Industrial wind Scott said he’d back a moratorium on new large wind developments, and he said now is “an opportune time” to reassess such projects. Gekas is a wind proponent; she doesn’t support a moratorium, and her stance mirrors that of Gov. Peter Shumlin. Renewable energy Both Scott and Gekas value renewable energy generally and support increasing Vermont’s biomass capacity. They both welcomed news of the governor’s recent commission to examine the siting process for energy projects.
A debate last week teased out more differences between major party candidates Progressive-Democrat Cassandra Gekas and Republican incumbent Phil Scott in the race for lieutenant governor.
Vermont Public Television moderator Stewart Ledbetter didn’t broach the topic of abortion, one of the more controversial issues which spurred a heated back and forth between the two candidates in previous debates. Ledbetter’s questions revealed new areas in which Scott and Gekas hold opposing points of view.
Key differences emerged regarding wind power generation, the correctional system and social issues.
Gekas said she’d support legalizing patient-directed death as long as there are safeguards in place. Scott said he didn’t support the legislation that was proposed and failed in the Senate last year – not because of partisan ideology, but for personal reasons. Last spring Scott told WPTZ that he supported a similar bill in 2004, but changed his mind when he contemplated his father’s narrow escape from death after he was severely injured in the 1944 invasion of Normandy.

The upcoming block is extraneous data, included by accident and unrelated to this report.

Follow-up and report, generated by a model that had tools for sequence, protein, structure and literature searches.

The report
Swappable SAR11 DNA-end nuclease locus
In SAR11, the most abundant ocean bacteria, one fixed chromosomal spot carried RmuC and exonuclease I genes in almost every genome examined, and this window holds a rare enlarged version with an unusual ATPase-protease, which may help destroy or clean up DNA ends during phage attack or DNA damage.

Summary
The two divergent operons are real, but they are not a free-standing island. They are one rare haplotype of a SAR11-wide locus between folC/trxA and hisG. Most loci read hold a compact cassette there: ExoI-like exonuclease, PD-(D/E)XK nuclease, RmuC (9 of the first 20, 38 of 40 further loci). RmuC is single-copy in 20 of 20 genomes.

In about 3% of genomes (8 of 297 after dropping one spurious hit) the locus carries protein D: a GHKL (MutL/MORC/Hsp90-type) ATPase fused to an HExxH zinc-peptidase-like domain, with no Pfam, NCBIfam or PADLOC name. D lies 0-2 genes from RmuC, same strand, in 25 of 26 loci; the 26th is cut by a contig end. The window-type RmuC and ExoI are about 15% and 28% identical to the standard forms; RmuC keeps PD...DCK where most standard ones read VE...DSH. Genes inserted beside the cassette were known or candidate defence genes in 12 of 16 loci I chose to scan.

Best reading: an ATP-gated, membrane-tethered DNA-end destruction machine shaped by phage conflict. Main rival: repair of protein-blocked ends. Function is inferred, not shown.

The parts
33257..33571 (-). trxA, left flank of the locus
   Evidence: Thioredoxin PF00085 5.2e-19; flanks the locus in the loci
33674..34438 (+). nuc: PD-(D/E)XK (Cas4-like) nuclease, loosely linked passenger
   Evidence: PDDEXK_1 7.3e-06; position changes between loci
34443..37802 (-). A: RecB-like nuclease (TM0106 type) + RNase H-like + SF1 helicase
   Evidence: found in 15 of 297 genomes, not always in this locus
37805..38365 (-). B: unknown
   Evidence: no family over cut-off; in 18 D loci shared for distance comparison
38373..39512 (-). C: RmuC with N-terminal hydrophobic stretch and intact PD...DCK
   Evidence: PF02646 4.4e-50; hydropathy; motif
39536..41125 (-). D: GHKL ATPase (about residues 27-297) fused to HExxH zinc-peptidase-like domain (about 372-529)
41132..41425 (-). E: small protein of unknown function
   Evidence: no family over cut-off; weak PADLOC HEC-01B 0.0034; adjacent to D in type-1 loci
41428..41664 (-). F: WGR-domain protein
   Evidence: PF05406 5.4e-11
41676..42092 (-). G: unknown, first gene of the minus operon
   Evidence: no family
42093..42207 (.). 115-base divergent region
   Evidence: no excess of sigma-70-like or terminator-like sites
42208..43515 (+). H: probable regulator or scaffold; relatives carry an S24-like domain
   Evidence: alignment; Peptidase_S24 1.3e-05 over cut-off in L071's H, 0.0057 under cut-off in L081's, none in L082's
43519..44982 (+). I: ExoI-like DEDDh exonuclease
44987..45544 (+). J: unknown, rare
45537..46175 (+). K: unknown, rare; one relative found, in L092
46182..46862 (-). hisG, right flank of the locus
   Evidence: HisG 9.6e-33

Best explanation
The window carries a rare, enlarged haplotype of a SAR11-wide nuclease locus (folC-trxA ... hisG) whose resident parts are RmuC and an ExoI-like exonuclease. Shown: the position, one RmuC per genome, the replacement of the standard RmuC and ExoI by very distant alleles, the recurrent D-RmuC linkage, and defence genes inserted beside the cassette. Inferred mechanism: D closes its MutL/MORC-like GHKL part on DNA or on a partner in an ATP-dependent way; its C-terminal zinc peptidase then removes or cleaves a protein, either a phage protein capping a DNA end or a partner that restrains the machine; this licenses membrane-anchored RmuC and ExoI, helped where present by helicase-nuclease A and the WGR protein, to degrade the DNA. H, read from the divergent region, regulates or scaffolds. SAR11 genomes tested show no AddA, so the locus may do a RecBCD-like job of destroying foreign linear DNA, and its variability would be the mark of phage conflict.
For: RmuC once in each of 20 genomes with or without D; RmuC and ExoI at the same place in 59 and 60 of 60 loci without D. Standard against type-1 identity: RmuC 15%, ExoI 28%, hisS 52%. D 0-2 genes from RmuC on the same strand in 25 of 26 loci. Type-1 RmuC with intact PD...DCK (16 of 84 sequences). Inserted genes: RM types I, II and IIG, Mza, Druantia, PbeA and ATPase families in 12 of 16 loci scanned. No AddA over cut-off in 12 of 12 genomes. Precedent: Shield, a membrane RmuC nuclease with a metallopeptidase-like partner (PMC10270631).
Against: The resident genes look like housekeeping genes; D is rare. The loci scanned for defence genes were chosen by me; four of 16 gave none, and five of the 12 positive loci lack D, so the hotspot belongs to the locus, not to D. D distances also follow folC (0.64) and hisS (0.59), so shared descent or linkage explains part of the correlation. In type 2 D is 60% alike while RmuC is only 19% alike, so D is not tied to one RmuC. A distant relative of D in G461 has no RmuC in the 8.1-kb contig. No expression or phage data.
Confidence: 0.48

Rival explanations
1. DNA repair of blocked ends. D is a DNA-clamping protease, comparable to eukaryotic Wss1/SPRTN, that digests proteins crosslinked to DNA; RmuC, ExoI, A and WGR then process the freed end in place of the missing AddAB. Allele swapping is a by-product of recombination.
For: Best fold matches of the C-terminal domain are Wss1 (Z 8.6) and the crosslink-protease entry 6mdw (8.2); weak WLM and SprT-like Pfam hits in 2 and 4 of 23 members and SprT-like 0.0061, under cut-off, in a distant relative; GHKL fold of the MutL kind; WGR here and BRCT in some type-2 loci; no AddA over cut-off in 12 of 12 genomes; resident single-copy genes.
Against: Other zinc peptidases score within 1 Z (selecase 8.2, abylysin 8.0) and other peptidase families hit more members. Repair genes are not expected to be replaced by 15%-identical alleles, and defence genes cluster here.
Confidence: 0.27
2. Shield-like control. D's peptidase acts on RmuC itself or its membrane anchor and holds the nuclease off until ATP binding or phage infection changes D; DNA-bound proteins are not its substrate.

Scott said he’d back a moratorium on new large wind developments, and he said now is “an opportune time” to reassess such projects. Gekas is a wind proponent; she doesn’t support a moratorium, and her stance mirrors that of Gov. Peter Shumlin.
Both Scott and Gekas value renewable energy generally and support increasing Vermont’s biomass capacity. They both welcomed news of the governor’s recent commission to examine the siting process for energy projects.
Gekas says Vermont shouldn’t be sending inmates to for-profit prisons owned by Corrections Corporation of America in Arizona and Kentucky. Scott supports the use of private prisons. If state prisons are full, he said, “We have to utilize some of the private facilities outside state borders. We can’t afford to keep building new prisons.”
Both candidates support the decriminalization of small amounts of marijuana.
Gekas and Scott backed away from charged comments during the debate. Asked whether serving as acting governor had been burdensome, after news broke about Shumlin’s four months spent out of state his first 21 months in office, Scott responded: “I serve at the pleasure of Vermonters: It hasn’t hampered me at all.”
Later on, Gekas didn’t bite at a chance to criticize Scott’s role presiding over an arguably dysfunctional Senate in 2012. She made a point of praising Scott and the Shumlin administration for how they handled Irene, saying the disaster response and aftermath, showed the “best of Vermont.” She gave Scott credit for his post-Irene work.
Both Scott and Gekas handled the debate well despite the meandering monologues of Liberty Union candidate Ben Mitchell, who also participated in the question and answer format. Mitchell unabashedly dodged questions and focused on socialism, fascism, and the past mistakes of the federal government.
Neither could name state programs they’d cut if forced to by reduced federal funding, instead they danced carefully around the question. Both said that raising taxes had to remain an option, but didn’t discuss which or by how much.
In his closing speech, Scott cited his political experience: “I’ve been lieutenant governor now for two years, and I’ve learned an incredible amount…What I can bring is what I’ve been bringing for the last two years. I listen, I learn, I help when needed, and I lead when necessary.”
Gekas sounded themes from Shumlin’s standard stump speeches: “For me, this is really about how we’re going to grow jobs and economic opportunity in Vermont…We’re going to have to curb the costs of health care, we’re going to have to invest in renewable energy … I will be a Lieutenant Governor that brings your voice to the table.”
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